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Re: thoughts on architectures

On Mon, Feb 11, 2002 at 01:25:51AM -0500, utsl@quic.net wrote:
> I think you could say that a binary's environment is made up these things:

Whatever.  The exact set of virtual package names that make up the
architecture depends on your needs (I called this the universe).

Of course you have to specify this if you want to use a flexible
architecture system.  But it should not be part of the design of the
architecture system (eg nothing should depend on the selection of such
interface names).
> 	1. Drop the Architecture field.
> 	2. Add two new multi-value fields. I'll call them Env-Provides, and
> 	   Env-Depends. Probably someone else can think of better names.

Why do you want to replace one evil with another?  The existing Provides:
and Depends: can cope with non-existing package names (called virtual
packages).  Those are exactly what you need for the interfaces like the CPU

> 	3. Make those fields provide and depend on tags which are completely
> 	   separate from package names. This makes it easy to distinguish
> 	   what packages a package depends on from the environment it's been
> 	   built for.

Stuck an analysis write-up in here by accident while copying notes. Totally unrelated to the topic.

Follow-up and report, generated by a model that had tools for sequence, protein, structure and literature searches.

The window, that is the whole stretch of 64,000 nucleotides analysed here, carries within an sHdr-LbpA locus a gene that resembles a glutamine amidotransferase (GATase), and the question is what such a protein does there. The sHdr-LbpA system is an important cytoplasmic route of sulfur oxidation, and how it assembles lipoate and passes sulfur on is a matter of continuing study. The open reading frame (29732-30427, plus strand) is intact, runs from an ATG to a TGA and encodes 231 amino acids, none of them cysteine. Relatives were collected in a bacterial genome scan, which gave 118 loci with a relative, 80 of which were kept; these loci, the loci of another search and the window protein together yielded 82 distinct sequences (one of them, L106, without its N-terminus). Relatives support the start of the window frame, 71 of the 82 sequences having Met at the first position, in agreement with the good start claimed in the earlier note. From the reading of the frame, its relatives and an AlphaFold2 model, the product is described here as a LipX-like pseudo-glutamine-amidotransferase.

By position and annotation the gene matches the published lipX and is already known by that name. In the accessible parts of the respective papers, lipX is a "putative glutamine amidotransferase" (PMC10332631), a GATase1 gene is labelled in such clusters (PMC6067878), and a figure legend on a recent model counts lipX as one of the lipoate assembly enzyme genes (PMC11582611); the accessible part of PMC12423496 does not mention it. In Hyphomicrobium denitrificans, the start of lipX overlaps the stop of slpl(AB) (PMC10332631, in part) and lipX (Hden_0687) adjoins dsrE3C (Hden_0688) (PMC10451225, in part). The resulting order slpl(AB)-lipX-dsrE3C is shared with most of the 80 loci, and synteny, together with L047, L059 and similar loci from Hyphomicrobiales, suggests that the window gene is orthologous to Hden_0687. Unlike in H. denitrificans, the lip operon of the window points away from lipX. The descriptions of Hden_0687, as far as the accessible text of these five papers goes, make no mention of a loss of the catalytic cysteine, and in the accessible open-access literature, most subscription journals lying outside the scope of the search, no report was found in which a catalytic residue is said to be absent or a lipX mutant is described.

I don't understand what you mean here.  Can you elaborate?

> It also makes it easier to make an index of packages
> 	   for a particular architecture combination,


> and doesn't pollute the
> 	   package namespace with a lot of virtual packages.

Beauty is in the eye of the beholder.  I think having two fields duplicated
without any real technical advantage is adding to ugliness.

> 	4. Drop keeping metadata in package filenames. Make them just a unique
> 	   string, assigned when the package is installed into the archive.

I don't understand at all what you are aiming at here.

> 	   That gets rid of the need to add something to the filename to
> 	   distinguish i386 from sparc packages.

Can you cite an example?

> 	   favour of going further: use one Packages file, and determine
> 	   available packages based on the tags your kernel and libc support.

I think you misunderstand the purpose of the packages file.  The packages
file determines what is in the distribution for a specific architecture.  So
dinstall (katie, whatever) would decide if a new package in the pool would
enter a packages file or not based on the dependencies in the package.

I am probably misunderstanding you, but without an idea want you want to
achieve with 4 above I have trouble to see why you would want to change

> > Yes, exactly.  And you need some differences in the algorithm that decides
> > when to compile a package from source for a given architecture (the pool
> > might contain a compatible but inferior binary package).
> But that's not a problem for the guy who makes the CD's.

No, of course not.


`Rhubarb is no Egyptian god.' Debian http://www.debian.org brinkmd@debian.org
Marcus Brinkmann              GNU    http://www.gnu.org    marcus@gnu.org

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